Wednesday, May 7, 2014

Edging the Flower Beds the Old Fashioned Way

Remember this photo from the Tour of Our Yard?

The grass growing up into the flower bed was driving me crazy!   The front yard looked so messy and shaggy and generally made me embarrassed to claim that I know anything about gardening.  I had to do something.   Luckily, the weather has been pretty accommodating lately, giving us lots of rain followed by cool air.  That meant that the soil was nice and soft, and it wouldn't be too sweltering to be out in the yard taking care of this messy business.

My approach?   First, I laid out the garden hose to outline where I wanted the edge of the flower bed to be.  I noticed that the hose was floppy and din't hold its shape very well unless I turned the water on. Once I had the hose turned on, the water pressure kept the hose nice and firmly in place, giving me a great way to design the shape of the edge that we wanted.

After I figured the edge layout, then I just used a half-moon edging tool like this one to cut the sod along the shape I'd laid out.   This tool is AWESOME!  With just the slight push of one foot, the sod gets cut lickety split!   I cut the entire edge around the flower bed.

Next, I got down on the ground with some good gardening gloves and a waste bucket, and I just started pulling the sod and weeds out of the flower bed.  I gave a good shake to the sod clod to get most of the dirt off, and tossed the grass and roots into the compost bin.   (I gave some of the clods to my husband to use to fill in some bare spots in the back yard, but most of them had so many weeds, we just tossed them into the compost bin.)

After about two hours of chilling out on the ground in the cool evening air, enjoying some tunes off of the iPhone in my pocket, and saying hello to random worms, crickets and spiders that I discovered, I ended up with a nice neat edge on the front flower bed.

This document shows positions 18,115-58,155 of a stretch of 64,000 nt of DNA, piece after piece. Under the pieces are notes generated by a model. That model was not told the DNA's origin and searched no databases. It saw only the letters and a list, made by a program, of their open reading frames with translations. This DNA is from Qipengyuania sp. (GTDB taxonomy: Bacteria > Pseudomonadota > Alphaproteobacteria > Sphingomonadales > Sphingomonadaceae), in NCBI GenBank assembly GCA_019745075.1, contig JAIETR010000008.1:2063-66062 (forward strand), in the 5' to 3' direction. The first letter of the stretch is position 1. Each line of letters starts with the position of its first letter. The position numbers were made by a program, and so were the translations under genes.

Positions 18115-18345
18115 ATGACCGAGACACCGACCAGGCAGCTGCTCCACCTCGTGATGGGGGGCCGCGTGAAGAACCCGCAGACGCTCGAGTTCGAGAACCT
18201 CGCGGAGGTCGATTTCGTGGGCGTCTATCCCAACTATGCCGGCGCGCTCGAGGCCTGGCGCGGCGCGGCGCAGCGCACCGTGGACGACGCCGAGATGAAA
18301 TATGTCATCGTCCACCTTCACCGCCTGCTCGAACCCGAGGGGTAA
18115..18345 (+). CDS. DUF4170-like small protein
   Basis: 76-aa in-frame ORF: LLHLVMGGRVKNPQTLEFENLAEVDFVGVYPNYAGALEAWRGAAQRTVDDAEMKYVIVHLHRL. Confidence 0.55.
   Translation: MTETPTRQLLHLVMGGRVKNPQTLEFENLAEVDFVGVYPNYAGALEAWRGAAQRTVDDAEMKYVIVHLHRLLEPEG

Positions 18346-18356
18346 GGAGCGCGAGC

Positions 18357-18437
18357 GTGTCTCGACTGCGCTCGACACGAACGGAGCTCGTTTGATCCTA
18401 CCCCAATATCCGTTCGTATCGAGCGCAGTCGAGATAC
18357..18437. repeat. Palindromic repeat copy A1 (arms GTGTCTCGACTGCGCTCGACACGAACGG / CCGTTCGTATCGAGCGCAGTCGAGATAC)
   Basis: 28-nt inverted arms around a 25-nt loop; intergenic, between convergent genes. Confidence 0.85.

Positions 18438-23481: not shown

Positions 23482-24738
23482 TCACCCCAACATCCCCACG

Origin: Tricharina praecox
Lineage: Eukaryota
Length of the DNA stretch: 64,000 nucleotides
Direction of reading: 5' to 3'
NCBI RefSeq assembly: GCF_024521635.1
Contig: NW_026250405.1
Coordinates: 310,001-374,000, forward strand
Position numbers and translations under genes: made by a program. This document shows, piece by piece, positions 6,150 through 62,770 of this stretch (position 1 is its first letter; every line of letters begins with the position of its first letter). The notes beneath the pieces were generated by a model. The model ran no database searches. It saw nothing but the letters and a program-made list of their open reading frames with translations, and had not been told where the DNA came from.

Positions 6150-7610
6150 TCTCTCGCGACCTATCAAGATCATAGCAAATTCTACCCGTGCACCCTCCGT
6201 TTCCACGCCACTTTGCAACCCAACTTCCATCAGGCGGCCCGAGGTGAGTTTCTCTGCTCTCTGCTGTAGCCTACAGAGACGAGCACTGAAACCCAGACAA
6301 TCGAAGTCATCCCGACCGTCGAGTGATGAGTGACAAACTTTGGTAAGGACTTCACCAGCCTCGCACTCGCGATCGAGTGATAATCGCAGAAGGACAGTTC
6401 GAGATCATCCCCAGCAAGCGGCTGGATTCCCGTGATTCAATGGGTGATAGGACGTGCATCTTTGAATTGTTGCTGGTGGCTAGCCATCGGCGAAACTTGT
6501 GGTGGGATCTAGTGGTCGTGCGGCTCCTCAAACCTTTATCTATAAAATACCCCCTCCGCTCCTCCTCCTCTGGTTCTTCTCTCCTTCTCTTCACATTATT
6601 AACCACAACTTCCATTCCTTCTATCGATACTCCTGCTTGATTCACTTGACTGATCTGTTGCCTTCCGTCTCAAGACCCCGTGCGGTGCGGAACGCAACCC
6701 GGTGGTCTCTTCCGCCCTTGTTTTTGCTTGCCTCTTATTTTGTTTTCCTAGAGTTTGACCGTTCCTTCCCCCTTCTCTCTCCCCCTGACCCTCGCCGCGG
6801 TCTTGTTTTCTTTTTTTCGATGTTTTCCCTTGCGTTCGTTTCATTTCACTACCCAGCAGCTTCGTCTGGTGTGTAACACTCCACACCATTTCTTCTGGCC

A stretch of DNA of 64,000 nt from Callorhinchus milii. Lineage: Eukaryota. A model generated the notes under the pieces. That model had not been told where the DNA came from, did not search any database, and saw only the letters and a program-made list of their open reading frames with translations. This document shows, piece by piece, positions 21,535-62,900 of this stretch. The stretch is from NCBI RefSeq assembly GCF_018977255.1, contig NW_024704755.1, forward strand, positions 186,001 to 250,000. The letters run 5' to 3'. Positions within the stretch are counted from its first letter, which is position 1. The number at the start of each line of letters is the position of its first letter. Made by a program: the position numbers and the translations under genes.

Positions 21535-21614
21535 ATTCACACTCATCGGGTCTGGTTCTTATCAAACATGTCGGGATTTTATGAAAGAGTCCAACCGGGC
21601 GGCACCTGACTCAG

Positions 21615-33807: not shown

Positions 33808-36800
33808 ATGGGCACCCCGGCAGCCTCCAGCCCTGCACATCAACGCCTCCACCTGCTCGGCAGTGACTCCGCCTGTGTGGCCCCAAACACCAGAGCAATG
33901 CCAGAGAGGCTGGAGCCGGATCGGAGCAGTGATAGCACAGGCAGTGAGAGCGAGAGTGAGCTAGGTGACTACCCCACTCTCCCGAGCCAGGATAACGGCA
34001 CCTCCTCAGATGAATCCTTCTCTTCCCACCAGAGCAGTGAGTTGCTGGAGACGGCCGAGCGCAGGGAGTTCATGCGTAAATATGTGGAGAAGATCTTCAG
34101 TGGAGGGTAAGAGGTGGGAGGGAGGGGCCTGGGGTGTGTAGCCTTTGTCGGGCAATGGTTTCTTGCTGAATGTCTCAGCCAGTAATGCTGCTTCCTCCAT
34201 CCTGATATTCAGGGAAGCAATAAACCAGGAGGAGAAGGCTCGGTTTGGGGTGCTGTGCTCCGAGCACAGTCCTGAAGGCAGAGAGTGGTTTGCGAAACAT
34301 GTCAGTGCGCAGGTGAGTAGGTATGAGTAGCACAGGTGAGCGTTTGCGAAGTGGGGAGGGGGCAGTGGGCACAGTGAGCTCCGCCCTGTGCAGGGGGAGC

What a difference!   It's like a whole new front yard!!!

We've got a lot of beds and borders that need to have their edges cleaned up.  Here's a shot of the back yard, left side, where half of the length has been edged and the rest hasn't.  What a huge difference.  Guess we should get out there and finish, huh?


  1. Suzanne of Simply Suzannes at Home

    Wow! Beautiful! You did a great job!
    I'm sure you found all the hard work worth it.
    Thanks so much for sharing,

    1. Thanks Suzanne (Hey, that's my sister's name too!). Hope you have a great day!

  2. It looks good and there's no ooops! I do appreciate you sharing with Home and Garden Thursday,

  3. Hi Jenny, I've done various things to edge my garden beds over the years: plastic edging (didn't like it), boulders, and my latest: using a spade and the half-moon edger like you did. I then filled the edging "hole" with my mulch. (I mulch with pine needles.) It made a great looking neat curved edge.

    One issue with my edging has been that with rains, etc. the edges tend to go away...i.e., they fill with soil. So edging where I garden isn't a one time and done task. I have to re-edge periodically. The good news is, it's easier the second - and third - and fourth, etc. - time around as the soil isn't so hard.
    Blessings, Beth

    1. Yes, I've found that same thing happens. Usually we do one big edging in the early spring, and then try to maintain it with the string trimmer once a week all summer. Sometimes the grass sends runners deeper than the string trimmer can get, so we have to go back with the half moon edger again in late summer. Quite a chore, for sure. I think my next investment in edging will be to try the metal edging that you can get in 8' lengths. It would be a big money investment to do the whole yard, but it seems like it would be worth it in the end. Maybe next year. :-)

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